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Industry 4.0 — Connectivity optimizes processes

Issue: November 2018

Representatives for auxiliary equipment manufacturers cite a number of advantages of the Industry 4.0 era, including improved predictive maintenance. By leveraging data and managing it in the cloud, companies can reduce downtime, increase productivity, improve traceability and optimize their processes.


Micro Interface Design engineering manager Antonio Nucaro adjusts the Midexx Traceability color-management system during NPE2018./Micro Interface Design

TSM Control Systems makes gravimetric blending systems and has created its own division, Insight, that specializes in connecting devices and business systems to provide a comprehensive view of plantwide operations. The division shares its name with a cloud-based product TSM developed with input from its customers. Now commercially available, the cloud-based platform can collect real-time data from a plethora of networked devices, include supervisory control and data-acquisition (SCADA) systems, PLCs and drives.

Industry 4.0 is revolutionizing the plastics industry, said Shane O’Callaghan, Insight division manager.

Connecting machines and business information systems can be challenging. Because plants expand and evolve, a factory may have equipment of varying ages from a variety of suppliers. Industry 4.0 technologies allow communications between business software systems, such as enterprise resource planning (ERP) systems, and machines on the floor in a way that wasn’t possible previously.

Using the data it collects, Insight delivers a holistic view of plant operations, O’Callaghan said.

“This provides a whole new layer of value; companies can make better decisions if they have better information in real time,” O’Callaghan said. “This allows all parties involved, from operators to upper management, to make the best decisions for the business in full alignment.”


A major challenge for companies adopting Industry 4.0 solutions is that different equipment traditionally has used different communication protocols, said Peyvand Melati, CEO of Micro Interface Design. The company supplies liquid-color dosing and dispensing systems, material-handling equipment, masterbatch blenders and gravimetric blender controllers.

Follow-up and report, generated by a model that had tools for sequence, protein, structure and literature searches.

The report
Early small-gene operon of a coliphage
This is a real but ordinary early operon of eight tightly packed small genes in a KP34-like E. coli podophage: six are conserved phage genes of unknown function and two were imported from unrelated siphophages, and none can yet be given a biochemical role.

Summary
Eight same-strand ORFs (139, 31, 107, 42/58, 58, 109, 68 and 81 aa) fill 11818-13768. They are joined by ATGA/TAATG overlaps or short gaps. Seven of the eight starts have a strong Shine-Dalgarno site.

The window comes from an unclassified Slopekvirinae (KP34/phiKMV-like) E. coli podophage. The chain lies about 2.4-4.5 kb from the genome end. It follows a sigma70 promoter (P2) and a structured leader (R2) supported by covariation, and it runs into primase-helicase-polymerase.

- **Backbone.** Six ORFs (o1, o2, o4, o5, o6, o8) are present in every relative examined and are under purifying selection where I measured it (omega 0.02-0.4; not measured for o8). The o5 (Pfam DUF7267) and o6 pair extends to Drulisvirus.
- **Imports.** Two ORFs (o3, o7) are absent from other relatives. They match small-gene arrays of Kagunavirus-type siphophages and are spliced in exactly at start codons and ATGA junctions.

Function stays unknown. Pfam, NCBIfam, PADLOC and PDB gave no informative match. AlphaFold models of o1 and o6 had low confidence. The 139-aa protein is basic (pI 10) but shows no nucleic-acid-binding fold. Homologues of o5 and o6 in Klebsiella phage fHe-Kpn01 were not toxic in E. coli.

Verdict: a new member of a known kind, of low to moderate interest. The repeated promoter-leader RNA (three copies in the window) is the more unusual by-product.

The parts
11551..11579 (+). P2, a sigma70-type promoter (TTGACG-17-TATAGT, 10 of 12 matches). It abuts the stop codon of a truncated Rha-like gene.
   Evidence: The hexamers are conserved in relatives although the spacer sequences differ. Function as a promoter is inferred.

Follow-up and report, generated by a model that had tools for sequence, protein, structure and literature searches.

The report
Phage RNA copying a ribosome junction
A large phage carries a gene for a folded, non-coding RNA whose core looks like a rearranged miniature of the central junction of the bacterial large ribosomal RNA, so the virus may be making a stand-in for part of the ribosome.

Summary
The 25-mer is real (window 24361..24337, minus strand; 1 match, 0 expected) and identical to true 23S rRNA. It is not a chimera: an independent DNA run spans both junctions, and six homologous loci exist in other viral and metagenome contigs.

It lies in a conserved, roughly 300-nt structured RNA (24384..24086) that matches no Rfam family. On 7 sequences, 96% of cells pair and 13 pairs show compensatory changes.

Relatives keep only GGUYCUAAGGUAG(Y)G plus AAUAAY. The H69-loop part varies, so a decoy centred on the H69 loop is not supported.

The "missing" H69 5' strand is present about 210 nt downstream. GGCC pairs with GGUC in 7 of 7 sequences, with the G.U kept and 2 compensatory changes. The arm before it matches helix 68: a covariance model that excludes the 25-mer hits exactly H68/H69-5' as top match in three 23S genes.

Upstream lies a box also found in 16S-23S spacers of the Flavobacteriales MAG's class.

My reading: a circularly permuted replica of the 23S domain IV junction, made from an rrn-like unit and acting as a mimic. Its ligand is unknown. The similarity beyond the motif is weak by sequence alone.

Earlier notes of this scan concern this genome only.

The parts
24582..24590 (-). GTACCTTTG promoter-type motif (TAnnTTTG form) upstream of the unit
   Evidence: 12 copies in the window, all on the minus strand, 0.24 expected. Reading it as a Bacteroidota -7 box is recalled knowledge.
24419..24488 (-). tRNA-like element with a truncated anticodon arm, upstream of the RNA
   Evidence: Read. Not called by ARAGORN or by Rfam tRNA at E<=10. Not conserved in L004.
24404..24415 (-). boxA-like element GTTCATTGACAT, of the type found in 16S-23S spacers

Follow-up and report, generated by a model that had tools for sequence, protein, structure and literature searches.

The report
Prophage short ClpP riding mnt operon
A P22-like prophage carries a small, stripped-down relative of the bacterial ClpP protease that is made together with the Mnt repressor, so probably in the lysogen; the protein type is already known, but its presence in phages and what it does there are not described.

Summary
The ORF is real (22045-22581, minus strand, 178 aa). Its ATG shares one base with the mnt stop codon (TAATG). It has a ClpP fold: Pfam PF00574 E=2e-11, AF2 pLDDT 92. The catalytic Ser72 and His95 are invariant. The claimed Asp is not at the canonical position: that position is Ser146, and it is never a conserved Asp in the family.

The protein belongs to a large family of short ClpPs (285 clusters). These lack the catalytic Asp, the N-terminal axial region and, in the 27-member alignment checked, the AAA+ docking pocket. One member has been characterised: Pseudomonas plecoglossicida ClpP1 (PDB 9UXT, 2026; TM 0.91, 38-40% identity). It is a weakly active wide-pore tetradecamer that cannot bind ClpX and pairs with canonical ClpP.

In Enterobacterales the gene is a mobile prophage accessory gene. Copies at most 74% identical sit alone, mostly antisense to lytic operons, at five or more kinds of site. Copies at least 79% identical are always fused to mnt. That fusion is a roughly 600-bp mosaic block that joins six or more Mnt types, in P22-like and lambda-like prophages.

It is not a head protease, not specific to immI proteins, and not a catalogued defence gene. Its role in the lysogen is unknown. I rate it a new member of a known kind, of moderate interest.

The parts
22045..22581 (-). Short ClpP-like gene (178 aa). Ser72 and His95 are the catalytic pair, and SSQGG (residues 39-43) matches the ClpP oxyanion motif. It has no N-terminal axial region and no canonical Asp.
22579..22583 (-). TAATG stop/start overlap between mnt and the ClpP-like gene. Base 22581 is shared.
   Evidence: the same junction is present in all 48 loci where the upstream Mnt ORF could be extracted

The company spent several years working on enabling communications between machines of different generations and from different manufacturers, Melati said. “The dispensing systems need to have a common language to talk to each other,” he said.

Earlier this year, Micro Interface Design introduced its Midexx Traceability color-management technology for its Midexx-3D dual-drive gravimetric dosing system for continuous liquid color dosing. The technology uses a radio-frequency identification (RFID) chip to identify, match and transmit color information from the colorant container, preventing the use of the wrong color.

Midexx Traceability provides real-time data on material usage and precisely measures colorant throughout the gravimetric process so that if anything goes wrong, the user can pinpoint the problem, Melati said. Midexx Traceability provides manufacturers with insight into not only incoming data from Micro Interface Design machines, but also those from other manufacturers, using a common language.

Beyond quickly recognizing, tracing and correcting problems in production, Industry 4.0-enabled equipment and software also enable companies to collect trending data that shows when machines or auxiliary equipment are starting to go outside of tolerances, Melati said. The data enables companies to fix equipment before it breaks down, eliminating downtime.

Phillip Britt, correspondent



Micro Interface Design,

Markham, Ontario, 905-947-1114, 

TSM Control Systems Inc.,

Marietta, Ga., 770-886-6630,